Meaning of Numbers: The Number 132
The possible meaning of the number 132 is derived primarily from the occurrence of certain words in the Hebrew and Greek versions of God's word.
The Apostle Paul's name is written 132 times in 129 verses in the King James Bible translation of Acts. His name is mentioned 16 times alone in Acts 23! It just misses the top ten list of most frequently mentioned personal names in Scripture, being recorded 163 times total in 159 verses. The first mention of his name takes place when Luke, the writer of Acts, transitions from using Saul (Paul's birth name) to using Paul.
Then Saul, (who also is called Paul,) filled with the Holy Ghost (Spirit), set his eyes on him . . . (Elymas the sorcerer, Acts 13:9, KJV).
Construction began on the temple of Olympian Zeus, in ancient Athens, in the 6th century B.C. It was not completed, however, until more than 600 years later! It took Roman Emperor Hadrian, in 124 A.D., to begin a massive building program in the city that included finishing the temple. Eight years later Hadrian formally dedicated the temple in 132 A.D. The edifice, and its surrounding precinct, was also adorned with numerous statues depicting the Emperor as well as the gods and personifications of the Roman provinces.
Appearances of Number One Hundred Thirty Two
The Greek word nekros, Strong's #G3498, is found 132 times in 123 Greek New Testament verses. It is recorded the most in the book of Acts (18 times) followed by Romans (15) and then Luke (13). The word refers to a corpse or to someone who is dead either literally or figuratively. Its first use takes place when a disciple asks Jesus if he can be excused from following him in order to bury his father. Jesus' response is rather blunt.
But Jesus said unto him, Follow me; and let the dead (nekros) bury their dead (nekros, Matthew 8:22, KJV).
The name Isaac is written 132 times in 123 King James Bible verses. It is most frequently mentioned in the book of Genesis (80 times). Isaac was a son of promise, the only child produced by Abraham and Sarah and heir to the blessings God offered to them. His name is first recorded in Genesis 17.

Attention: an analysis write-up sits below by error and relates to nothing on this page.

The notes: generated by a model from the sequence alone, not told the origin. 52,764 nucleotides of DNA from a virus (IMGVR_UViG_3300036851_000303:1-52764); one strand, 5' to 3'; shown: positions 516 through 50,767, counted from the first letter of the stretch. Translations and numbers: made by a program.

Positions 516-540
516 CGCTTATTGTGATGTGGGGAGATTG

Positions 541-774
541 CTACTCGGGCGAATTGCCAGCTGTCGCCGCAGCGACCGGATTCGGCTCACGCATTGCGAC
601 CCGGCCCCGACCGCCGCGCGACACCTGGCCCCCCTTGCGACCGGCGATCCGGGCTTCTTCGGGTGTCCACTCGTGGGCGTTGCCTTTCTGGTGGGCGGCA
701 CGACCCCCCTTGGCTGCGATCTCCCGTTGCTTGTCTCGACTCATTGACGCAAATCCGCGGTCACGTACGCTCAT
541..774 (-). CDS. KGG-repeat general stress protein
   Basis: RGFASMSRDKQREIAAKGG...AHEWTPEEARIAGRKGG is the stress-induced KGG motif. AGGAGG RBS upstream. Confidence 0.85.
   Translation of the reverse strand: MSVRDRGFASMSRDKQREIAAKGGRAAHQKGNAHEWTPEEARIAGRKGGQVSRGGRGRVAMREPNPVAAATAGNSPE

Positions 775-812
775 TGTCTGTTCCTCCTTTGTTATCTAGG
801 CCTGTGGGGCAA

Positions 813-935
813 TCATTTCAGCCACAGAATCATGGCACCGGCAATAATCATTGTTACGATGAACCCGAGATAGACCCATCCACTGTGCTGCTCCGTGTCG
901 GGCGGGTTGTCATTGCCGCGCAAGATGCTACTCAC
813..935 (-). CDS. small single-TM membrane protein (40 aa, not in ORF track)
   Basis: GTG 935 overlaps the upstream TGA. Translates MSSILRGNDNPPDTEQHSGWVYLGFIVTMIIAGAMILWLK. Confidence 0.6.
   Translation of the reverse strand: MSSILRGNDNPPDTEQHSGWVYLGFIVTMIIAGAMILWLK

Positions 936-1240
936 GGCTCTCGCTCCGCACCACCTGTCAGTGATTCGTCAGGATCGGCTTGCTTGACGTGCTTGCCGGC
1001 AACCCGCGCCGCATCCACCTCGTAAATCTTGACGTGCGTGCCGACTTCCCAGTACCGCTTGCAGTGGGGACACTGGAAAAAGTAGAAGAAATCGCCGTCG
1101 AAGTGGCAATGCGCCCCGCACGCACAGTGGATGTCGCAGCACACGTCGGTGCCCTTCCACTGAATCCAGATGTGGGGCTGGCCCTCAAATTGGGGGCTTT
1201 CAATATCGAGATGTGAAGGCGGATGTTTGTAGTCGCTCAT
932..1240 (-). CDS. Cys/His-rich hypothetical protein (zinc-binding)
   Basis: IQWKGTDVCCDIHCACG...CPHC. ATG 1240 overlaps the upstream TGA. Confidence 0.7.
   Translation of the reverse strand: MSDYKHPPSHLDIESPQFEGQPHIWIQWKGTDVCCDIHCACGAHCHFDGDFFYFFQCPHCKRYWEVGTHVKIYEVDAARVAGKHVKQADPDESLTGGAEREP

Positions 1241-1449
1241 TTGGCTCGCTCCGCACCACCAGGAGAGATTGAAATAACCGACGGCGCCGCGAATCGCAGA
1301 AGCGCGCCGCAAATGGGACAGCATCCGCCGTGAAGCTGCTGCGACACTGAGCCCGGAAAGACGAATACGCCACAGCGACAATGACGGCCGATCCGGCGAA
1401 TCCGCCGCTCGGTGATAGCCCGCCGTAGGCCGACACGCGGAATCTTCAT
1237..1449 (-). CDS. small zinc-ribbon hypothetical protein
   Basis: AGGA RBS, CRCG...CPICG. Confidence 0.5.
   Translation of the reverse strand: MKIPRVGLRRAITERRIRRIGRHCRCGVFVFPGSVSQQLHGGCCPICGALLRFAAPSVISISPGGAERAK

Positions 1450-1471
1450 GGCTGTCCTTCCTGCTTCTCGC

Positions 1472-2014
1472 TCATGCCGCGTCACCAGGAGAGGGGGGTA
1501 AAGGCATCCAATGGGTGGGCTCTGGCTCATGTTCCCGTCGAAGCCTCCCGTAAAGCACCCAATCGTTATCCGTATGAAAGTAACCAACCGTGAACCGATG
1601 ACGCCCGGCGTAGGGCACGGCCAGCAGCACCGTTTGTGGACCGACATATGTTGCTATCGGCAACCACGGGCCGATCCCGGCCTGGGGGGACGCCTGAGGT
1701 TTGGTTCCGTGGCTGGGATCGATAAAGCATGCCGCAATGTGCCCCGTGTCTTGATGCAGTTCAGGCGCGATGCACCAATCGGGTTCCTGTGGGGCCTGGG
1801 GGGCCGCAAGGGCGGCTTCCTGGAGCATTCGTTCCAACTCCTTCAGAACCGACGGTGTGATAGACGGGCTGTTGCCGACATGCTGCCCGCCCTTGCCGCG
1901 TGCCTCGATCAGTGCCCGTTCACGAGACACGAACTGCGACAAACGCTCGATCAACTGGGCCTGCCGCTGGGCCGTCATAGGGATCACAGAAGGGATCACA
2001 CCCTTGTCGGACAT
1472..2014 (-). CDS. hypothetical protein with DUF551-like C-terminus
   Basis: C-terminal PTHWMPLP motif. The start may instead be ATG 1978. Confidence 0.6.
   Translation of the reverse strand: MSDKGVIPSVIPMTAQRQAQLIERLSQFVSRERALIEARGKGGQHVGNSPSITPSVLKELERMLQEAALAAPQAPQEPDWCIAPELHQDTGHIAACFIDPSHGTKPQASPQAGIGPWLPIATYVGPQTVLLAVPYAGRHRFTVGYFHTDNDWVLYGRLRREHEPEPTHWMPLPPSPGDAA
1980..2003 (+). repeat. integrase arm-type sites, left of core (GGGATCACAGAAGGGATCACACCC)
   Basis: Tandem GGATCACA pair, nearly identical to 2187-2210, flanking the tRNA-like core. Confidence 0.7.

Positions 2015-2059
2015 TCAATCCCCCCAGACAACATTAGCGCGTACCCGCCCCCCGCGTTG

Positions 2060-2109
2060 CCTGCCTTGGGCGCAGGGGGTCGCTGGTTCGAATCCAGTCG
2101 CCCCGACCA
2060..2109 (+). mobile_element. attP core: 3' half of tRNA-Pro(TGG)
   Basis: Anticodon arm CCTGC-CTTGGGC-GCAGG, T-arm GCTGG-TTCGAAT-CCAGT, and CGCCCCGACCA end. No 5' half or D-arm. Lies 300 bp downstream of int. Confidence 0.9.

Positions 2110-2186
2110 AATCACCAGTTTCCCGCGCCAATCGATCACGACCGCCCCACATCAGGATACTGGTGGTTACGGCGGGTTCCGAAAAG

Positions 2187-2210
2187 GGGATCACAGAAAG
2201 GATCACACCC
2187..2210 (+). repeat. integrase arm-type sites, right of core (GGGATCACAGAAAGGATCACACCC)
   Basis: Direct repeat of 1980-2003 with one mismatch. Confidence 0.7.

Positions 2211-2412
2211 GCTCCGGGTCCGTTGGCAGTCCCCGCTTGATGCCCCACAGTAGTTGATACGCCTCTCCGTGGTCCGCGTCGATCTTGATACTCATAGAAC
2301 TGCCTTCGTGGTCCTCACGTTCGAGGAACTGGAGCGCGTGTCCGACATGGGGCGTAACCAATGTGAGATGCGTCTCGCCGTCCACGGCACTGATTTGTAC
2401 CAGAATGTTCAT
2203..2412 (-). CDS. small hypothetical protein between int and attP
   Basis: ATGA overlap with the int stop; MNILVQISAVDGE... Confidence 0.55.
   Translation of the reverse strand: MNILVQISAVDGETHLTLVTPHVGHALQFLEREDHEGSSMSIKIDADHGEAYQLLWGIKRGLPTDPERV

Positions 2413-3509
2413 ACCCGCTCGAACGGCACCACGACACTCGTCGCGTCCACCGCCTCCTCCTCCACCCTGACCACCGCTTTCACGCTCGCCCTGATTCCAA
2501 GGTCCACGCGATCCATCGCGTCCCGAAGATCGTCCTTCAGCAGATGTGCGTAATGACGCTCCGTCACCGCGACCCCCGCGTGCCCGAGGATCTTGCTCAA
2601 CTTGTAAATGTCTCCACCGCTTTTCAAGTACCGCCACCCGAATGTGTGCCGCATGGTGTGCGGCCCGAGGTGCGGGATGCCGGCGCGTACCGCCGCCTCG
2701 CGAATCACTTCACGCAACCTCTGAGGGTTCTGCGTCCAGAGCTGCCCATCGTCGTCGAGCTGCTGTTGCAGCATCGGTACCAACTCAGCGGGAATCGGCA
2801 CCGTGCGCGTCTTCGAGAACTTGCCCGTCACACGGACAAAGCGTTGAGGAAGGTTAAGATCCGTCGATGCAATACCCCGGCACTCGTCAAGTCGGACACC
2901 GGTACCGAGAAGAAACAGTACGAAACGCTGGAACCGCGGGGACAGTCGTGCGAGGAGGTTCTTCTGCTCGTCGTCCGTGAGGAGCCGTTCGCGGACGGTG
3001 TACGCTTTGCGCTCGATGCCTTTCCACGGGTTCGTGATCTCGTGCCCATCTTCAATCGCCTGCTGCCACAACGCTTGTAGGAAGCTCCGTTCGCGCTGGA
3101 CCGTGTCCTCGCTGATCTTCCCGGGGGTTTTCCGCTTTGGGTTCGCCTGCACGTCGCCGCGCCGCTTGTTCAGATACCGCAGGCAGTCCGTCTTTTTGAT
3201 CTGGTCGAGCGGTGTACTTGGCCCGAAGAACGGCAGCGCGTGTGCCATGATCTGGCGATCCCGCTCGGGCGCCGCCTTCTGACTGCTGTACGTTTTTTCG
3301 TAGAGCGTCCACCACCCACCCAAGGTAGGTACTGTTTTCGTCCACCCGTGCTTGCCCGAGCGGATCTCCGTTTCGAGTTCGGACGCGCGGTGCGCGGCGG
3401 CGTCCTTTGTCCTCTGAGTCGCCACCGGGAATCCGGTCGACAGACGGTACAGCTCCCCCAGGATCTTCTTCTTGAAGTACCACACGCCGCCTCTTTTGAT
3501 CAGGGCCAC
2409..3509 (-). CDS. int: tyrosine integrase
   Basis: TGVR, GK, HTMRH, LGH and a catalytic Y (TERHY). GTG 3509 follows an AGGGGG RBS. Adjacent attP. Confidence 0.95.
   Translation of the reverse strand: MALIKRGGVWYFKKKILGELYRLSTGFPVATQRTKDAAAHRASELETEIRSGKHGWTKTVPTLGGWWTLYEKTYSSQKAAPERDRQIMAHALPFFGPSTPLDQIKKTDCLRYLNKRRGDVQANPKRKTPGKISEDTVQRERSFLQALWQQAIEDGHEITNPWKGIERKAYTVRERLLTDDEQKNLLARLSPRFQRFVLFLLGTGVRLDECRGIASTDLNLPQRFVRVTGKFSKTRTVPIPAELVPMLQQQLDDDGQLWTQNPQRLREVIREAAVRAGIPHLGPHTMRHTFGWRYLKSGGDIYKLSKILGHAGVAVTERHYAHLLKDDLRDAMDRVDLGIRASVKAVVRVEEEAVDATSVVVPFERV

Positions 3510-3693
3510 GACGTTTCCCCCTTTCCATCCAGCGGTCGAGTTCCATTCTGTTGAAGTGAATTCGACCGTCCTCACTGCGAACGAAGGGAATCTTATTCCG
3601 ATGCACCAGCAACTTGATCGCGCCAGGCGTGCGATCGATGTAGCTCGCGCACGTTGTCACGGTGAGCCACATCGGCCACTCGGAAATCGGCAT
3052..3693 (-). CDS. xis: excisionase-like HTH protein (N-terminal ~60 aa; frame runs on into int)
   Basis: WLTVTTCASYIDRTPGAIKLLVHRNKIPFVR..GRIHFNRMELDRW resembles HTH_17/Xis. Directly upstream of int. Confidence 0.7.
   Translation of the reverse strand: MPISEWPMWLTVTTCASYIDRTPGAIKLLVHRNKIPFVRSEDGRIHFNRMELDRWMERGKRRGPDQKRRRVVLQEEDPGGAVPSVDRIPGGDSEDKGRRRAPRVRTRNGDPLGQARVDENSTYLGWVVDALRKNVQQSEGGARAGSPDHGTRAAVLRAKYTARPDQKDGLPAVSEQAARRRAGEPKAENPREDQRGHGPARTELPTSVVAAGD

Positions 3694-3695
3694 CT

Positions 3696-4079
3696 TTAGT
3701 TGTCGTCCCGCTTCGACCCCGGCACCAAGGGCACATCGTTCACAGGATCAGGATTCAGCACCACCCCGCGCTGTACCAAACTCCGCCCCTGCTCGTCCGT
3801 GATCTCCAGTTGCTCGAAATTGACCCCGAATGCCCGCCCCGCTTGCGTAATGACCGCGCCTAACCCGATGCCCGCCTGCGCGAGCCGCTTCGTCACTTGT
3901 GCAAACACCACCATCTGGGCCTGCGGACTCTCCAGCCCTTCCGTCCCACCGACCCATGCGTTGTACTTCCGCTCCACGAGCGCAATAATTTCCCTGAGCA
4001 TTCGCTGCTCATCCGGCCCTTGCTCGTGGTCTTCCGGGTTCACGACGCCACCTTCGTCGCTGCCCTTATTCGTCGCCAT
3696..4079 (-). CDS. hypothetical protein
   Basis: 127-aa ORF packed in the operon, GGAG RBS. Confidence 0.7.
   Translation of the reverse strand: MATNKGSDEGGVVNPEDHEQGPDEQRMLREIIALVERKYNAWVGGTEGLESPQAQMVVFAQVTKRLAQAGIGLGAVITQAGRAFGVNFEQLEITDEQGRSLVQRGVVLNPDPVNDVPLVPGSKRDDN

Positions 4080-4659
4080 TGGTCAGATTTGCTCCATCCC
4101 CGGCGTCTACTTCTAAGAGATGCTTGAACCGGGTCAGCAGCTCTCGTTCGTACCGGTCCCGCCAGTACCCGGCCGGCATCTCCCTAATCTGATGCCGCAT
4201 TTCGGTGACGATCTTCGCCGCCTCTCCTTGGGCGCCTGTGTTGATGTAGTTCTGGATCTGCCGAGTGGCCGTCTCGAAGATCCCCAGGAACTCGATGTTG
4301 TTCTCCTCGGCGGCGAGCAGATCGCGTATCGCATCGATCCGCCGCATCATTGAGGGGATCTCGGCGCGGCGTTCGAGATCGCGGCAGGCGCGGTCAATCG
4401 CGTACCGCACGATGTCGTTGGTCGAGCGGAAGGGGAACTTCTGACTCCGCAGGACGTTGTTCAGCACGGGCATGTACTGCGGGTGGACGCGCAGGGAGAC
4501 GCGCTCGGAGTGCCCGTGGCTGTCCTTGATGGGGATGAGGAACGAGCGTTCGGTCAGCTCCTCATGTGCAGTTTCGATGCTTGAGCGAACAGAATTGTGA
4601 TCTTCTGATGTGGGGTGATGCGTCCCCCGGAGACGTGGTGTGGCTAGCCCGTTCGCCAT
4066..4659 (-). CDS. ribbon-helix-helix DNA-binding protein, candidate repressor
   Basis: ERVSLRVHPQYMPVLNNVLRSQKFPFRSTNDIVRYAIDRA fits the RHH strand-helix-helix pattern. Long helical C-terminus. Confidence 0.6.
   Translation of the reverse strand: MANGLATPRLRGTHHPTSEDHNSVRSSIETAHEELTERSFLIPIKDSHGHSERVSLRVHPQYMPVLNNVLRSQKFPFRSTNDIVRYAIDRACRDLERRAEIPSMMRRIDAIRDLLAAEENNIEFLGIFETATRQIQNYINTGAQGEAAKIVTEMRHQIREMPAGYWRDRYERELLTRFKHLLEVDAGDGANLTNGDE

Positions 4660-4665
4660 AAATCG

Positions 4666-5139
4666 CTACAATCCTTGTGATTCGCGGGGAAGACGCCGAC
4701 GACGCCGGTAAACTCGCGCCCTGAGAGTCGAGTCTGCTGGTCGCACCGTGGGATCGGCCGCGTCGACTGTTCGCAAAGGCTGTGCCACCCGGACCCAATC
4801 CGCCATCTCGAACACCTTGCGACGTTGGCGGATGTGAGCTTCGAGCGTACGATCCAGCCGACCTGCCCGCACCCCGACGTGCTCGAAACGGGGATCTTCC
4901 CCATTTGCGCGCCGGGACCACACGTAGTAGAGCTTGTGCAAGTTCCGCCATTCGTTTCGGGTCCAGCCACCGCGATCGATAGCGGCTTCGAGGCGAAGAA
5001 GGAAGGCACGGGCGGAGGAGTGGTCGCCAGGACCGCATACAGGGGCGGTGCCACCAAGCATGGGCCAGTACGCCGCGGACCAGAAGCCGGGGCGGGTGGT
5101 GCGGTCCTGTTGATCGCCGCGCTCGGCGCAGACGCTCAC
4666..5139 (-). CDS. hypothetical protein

And God said, Sarah thy wife shall bear thee a son indeed; and thou shalt call his name Isaac: and I will establish my covenant with him for an everlasting covenant, and with his seed after him (Genesis 17:19, KJV).
The Hebrew word mispar, Strong's #H4557, is written 132 times in 128 Hebrew Old Testament verses. It is recorded the most in the book of Numbers (34 times) followed by 1Chronicles (19) and then the book of Job (13). It is usually translated as the word "number" in the King James translation as in the book of Deuteronomy.
And the Lord shall scatter you among the nations, and ye shall be left few in number (mispar) among the heathen, whither the Lord shall lead you (Deuteronomy 4:27, KJV).
The English word "desolate" is written 148 times in 132 King James verses. It appears the most in Ezekiel (44 times) followed by Jeremiah (31) then Isaiah (18). The word references something that is wasted, ruin or despoiled, either literally or figuratively.
And the ten horns which thou sawest upon the beast, these shall hate the whore, and shall make her desolate and naked, and shall eat her flesh, and burn her with fire (Revelation 17:16, KJV).
Revolt and the Number 132
The Bar Kokhba revolt was an uprising by Jews against the Roman Empire and their occupation of ancestral lands given them by God. This revolt for independence raged in Judea from 132 to 135 A.D. The war fought with Rome cost the Jews more than half a million people slaughtered in their attempt to secure their freedom. The Emperor, after his forces finally crushed the rebellion, enacted several restrictive policies such as banning all Jews from Jerusalem and outlawing the Sabbath and Holy Days in Judea.
The revolt of 132 to 135 A.D. marked the second time Jerusalem was attacked and conquered after the death and resurrection of Jesus in 30 A.D.
More Info on Biblical Meaning of 132
Out of 150 Psalms only two, 89 and 132, list King David's name four times. In Psalm 132 his name is recorded in verses 1, 10, 11 and 17 of the King James.
The Hebrew word ishshah, Strong's #H802, is found 152 times in 132 verses of the Hebrew language version of Genesis. It is used to refer to a woman or wife, or to female animals. Its first use is linked to the creation of Eve out of Adam's rib.
And the rib, which the Lord God had taken from man, made he a woman (ishshah), and brought her unto the man. And Adam said, This is now bone of my bones, and flesh of my flesh: she shall be called Woman (ishshah), because she was taken out of Man (Genesis 2:22 - 23, KJV).
132 is the product of 11 and 12. 11 is a prime number while 12 is not.
132 is the product of 2 x 2 (or 2 squared) x 3 x 11. 2, 3 and 11 are primes.
132 is also equal to 12 + 13 + 21 + 23 + 31 + 32. 13, 23 and 31 are primes while 12, 21 and 32 are not.